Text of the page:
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Mr. John Bercow (Buckingham): Smoke and mirrors.

Mr. Bailey: Sorry, smoke and mirrors. That is evident in the contributions made by Conservative Members. They talk seductively about certain aspects of health services in other countries, and consistently and progressively rubbish those in this country, but provide no overall consistent picture of what their alternative would be, so that the electorate can make a judgment. People in my constituency want more doctors and nurses and better facilities, and they know that those must be paid for. In all the comments made by Conservative Members, I did not hear them once mention how their policies would be paid for. Ultimately, my constituents believe that the increase is the fairest way of funding the national health service.

I want to make a plea relating to my constituency. Like many industrial constituencies, it suffers a legacy of ill health owing to its industrial background, as well as poor life expectancy, lower birth weights and so on. Those statistics are improving, but there is still a long way to go. That is why the area was designated as a health action zone. Those involved in it are pioneering a range of joined-up activities for developing more healthy lifestyles, including campaigns on exercise, healthy eating, teenage pregnancies, sure start and smoking cessation programmes, to name but a few. The problem is that funding for those programmes is announced year by year, and those working on them do not feel confident that they will be able to do so over the long term. Now that we have a five-year commitment on health spending, I hope that the funding for health action zones will be made more specific for longer periods to reduce the risk that those who work in them, and do such a good job, may move elsewhere.

The Budget will be of enormous benefit to a company that we are privileged to have in my constituency—Huntleigh Nesbit Evans, the major manufacturer of NHS beds and trolleys. Those of my constituents who are employed there will be reassured by the long-term commitment to a 7.5 per cent. growth in health spending.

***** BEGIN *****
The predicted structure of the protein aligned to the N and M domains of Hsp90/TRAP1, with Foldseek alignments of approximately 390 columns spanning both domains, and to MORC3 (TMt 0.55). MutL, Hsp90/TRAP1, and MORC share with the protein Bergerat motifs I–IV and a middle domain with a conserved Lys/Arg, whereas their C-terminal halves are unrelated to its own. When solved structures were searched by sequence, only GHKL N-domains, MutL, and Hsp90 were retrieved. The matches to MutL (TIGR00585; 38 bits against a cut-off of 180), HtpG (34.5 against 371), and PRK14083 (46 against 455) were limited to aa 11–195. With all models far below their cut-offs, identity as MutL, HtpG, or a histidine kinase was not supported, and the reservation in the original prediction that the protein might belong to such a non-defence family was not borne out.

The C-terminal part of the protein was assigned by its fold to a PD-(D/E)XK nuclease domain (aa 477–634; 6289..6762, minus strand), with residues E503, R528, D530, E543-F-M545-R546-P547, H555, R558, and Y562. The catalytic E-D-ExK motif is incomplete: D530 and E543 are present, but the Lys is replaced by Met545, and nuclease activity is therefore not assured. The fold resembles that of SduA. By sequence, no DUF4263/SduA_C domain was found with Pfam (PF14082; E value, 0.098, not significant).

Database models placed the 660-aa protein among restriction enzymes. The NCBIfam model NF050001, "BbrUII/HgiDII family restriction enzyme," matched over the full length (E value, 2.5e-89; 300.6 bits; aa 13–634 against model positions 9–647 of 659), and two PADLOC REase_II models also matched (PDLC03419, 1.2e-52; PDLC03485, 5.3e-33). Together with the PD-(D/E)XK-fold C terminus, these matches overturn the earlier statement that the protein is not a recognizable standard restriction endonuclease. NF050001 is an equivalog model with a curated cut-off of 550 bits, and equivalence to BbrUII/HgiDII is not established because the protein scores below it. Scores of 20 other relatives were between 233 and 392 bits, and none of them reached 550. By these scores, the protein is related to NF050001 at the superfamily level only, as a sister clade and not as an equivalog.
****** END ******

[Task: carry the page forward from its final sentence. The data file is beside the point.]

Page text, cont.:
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I want to comment briefly on social care. My local authority, Sandwell, welcomes the commitment on 6 per cent. growth. It believes that that should correct the difficulty that it, in common with most other major metropolitan authorities, has faced over the past few years in balancing its social services budget. It has a tradition of working in partnership with other agencies—it has received Government commendations for doing so—and welcomes the extra flexibilities and allowances that will be given to those who demonstrate good practice in that.

However, I have reservations about the penalty system for local authorities that are unable, for various reasons, to meet their targets on bed blocking. Although I can understand the Government's reasoning as regards the need to take action where partnership working is not taking place, in some areas local economic conditions and the scale of local private provision are such that local authorities have little control over the matter. Any penalty programme should be applied sensitively.

My constituency is crying out for the measures in the Budget. It is a Budget that will help the local economy; a Budget for the middle and lower income families who predominate; a Budget for better health care, which is greatly needed; a Budget to provide the basic requirements for a good standard of living for those on lower incomes; and a Budget for small businesses to develop in the area, which has suffered so much in the past. Above all, it is a fair Budget for constituencies like mine.

7.57 pm

Mrs. Angela Browning (Tiverton and Honiton): I want primarily to deal with the aspects of the health service that are covered by the Budget. We have heard a lot today about the amount of taxation that will be raised specifically for the health service over a five-year period and the reason why the Government felt it necessary to focus the Budget on one particular Department.

Labour and Liberal Democrat Members have sought to paint the Conservative position as being that we are not in favour of spending more money on the health service and that even if we were, it would not be publicly funded money. That is not true. Our position is not that we are not willing to spend more money—or even more public money—on it, but that we believe that, over the past five years, the Government have spent more money on health without delivering improvements. We therefore question the proposal that the tax increase in the Budget will do so.